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Resilience - What is It and How Can You Acquire It?

27/03/2013 16:23 GMT | Updated 25/05/2013 10:12 BST

Resilience - what is it and how can you acquire it?

In last week's blog I talked about the importance of resilience and the sad news of the suicide of CEO and founder of Las Vegas based ecommerce site Ecomom. Since then I have been thinking about all aspects of resilience and wanted to share some of what I have learnt over the last few years. Although I am no psychologist nor a qualified coach, I feel it is legitimate to offer advice because I have seen and helped so many young entrepreneurs when they are very stressed and finding it difficult to deal with failure.

Firstly, let's look at what resilience really means. So many popular words are bandied around without adequate explanation that I don't want to be guilty of that here. It is the ability to withstand stress and failure. It doesn't eliminate problems, but it does give you the strength to overcome them and move on. Sounds easy enough but how do we do it? Can anyone do it or is it just certain people? The good news is that many experts say resilience is actually quite common and people are very capable of learning the skills and behaviours that it takes to become more resilient. That's not to take away from those people who appear to be totally unflappable in a crisis with little apparent effort, but we are not doomed if we don't fall into the Superhero category.

Crucially, we need to know what to look out for.

It is not just a mental process which makes us become more resilient. It is also spiritual, physical and emotional. If one of those areas is shaky, it affects the others and it is very easy for someone to spiral out of control.

Over the years, I have seen many young people spinning into depression and so firstly I would really urge you to learn to spot the signs of it happening within yourself. Early signals include how you respond to challenging situations. If you fly off the handle because someone has put your cup of tea in the wrong place on your desk, if you start withdrawing into yourself and become numb and silent and start disconnecting from your colleagues and friends, or if you start seeing yourself as a victim and blaming everyone around you for your problems, be aware that you are stressed and your resilience may be very low low.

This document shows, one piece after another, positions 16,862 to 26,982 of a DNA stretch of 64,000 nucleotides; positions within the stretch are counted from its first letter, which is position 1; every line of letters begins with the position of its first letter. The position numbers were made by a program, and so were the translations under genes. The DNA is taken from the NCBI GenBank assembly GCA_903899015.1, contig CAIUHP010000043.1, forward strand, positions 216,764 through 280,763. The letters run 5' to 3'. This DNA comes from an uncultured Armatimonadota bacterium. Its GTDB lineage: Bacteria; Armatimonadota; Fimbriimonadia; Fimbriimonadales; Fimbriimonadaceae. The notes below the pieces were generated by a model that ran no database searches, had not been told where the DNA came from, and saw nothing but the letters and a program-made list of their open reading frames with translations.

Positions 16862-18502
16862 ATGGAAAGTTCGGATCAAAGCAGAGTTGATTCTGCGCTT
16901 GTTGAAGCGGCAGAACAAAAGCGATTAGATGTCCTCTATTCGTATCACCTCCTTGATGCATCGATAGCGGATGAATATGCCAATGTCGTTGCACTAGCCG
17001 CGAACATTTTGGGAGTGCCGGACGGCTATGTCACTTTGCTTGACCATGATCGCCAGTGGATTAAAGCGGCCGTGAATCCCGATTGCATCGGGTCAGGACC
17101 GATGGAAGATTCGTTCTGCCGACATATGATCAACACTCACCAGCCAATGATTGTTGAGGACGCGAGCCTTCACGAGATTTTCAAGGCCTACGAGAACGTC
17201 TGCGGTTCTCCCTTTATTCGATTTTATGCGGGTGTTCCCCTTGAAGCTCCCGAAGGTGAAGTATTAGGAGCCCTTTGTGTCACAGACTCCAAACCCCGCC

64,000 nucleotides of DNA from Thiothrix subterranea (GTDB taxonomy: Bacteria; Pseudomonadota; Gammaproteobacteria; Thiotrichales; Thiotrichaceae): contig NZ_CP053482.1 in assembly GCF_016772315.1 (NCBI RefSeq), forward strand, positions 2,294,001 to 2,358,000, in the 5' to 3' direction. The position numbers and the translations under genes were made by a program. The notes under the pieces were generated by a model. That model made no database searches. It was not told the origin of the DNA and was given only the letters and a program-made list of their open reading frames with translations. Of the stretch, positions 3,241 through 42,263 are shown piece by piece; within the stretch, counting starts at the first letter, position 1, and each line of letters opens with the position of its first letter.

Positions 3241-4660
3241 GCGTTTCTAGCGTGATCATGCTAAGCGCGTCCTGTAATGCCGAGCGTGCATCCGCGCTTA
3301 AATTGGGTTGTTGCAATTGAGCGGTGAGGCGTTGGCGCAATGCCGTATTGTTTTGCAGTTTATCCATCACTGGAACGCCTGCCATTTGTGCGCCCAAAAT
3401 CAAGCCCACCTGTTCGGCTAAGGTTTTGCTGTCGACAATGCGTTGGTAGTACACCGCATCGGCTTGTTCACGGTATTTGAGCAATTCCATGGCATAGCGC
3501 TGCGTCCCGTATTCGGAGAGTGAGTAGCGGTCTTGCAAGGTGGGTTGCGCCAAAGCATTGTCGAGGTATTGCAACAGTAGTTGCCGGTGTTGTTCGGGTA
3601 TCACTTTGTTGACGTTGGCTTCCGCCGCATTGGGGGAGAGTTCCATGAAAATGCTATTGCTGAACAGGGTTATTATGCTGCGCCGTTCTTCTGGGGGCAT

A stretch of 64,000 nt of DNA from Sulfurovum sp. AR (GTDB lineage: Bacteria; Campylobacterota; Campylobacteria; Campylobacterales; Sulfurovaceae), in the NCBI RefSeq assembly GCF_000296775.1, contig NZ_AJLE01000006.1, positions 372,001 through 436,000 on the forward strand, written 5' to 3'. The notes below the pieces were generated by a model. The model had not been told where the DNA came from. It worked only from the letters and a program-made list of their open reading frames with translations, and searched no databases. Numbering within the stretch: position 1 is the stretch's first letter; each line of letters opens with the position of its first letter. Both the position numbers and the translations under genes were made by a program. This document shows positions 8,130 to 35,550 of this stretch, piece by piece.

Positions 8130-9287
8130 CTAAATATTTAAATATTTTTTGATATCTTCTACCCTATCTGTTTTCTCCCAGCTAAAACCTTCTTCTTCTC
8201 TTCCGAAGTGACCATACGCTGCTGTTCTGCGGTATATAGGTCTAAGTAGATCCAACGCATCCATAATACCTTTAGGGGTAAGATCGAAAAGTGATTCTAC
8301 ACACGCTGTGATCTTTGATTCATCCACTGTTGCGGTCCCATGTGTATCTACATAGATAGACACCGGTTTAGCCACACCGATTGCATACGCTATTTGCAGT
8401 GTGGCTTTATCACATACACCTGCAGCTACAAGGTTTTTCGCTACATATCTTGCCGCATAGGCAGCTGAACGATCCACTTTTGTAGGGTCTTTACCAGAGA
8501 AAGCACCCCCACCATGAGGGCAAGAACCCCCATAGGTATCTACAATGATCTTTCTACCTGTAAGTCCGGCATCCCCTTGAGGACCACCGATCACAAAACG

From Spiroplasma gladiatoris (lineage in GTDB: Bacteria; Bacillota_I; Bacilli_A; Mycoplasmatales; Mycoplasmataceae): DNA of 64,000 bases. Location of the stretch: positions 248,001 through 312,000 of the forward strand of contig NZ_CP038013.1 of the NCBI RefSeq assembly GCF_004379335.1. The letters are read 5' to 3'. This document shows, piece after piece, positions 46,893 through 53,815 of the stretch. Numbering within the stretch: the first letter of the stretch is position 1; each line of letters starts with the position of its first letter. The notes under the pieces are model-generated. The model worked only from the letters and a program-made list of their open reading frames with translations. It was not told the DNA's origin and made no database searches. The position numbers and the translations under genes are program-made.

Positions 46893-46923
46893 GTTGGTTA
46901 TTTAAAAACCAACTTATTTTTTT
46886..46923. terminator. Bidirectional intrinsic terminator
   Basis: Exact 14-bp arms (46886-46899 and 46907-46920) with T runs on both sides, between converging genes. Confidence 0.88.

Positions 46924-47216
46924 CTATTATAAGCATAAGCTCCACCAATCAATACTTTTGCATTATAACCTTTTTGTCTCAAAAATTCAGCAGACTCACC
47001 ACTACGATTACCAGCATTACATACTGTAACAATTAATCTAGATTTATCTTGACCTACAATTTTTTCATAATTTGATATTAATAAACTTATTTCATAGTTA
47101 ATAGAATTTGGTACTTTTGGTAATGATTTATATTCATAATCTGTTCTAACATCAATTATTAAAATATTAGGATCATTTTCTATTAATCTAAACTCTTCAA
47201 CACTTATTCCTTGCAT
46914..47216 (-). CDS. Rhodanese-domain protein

So, what do you do if you know you're stressed? Firstly, look after your health because that is generally the first thing that goes. From my observations, this is the stage when many people stop eating or start eating junk food, have problems sleeping, start drinking excessively or all three. At this point you need to down tools and take a day at home to think and rest and re- evaluate. If you can't take the whole day off, take two hours off and away from your office or your home. My colleagues and I have a monthly team lunch away from our desks where we purposely talk about everything from Justin Bieber to Lady Gaga and we find that we can discuss our concerns and worries openly and in an atmosphere of relaxation and camaraderie.

If I am feeling particularly stressed about something, I might go to the cinema for the afternoon and clear my mind. I find it really works. Taking yourself away from a situation physically to do something you enjoy doing can be amazingly effective, whether it's to swim, go to the gym, run or play golf. As long as it keeps your physical and mental wellbeing in shape, it will work. Often I find that seemingly insurmountable problems don't seem so bad after a short break from them.

Secondly, make sure you talk to your friends. I have always found the more people I tell about particular challenges, the less of a burden they seem to become. It is that old adage of a problem shared is a problem halved. There is no shame in having problems and you don't always have to put a good face on everything.

Seek help. This might be from family members, colleagues or mentors. Talk things over with a coach if you have one. If you have investors in your business, ask them for help and advice if If you need specific answers, I am always amazed at how helpful people are prepared to be. Look for role models around you and ask them for advice.

If you are making difficult decisions like whether to shut down or discontinue a business, do it openly and celebrate the fact that you've made the right decision and have decided what is best for you. It shouldn't be a hide in a dark corner affair with you feeling ashamed with head bowed. Then you need to reset your goals and move on. Far from being despised, you will be admired for being brave and confident.

Last but not least, be realistic about what you can achieve. If you raise your bar too high, you are setting yourself up for failure. Never create unattainable goals for yourself that you will never reach.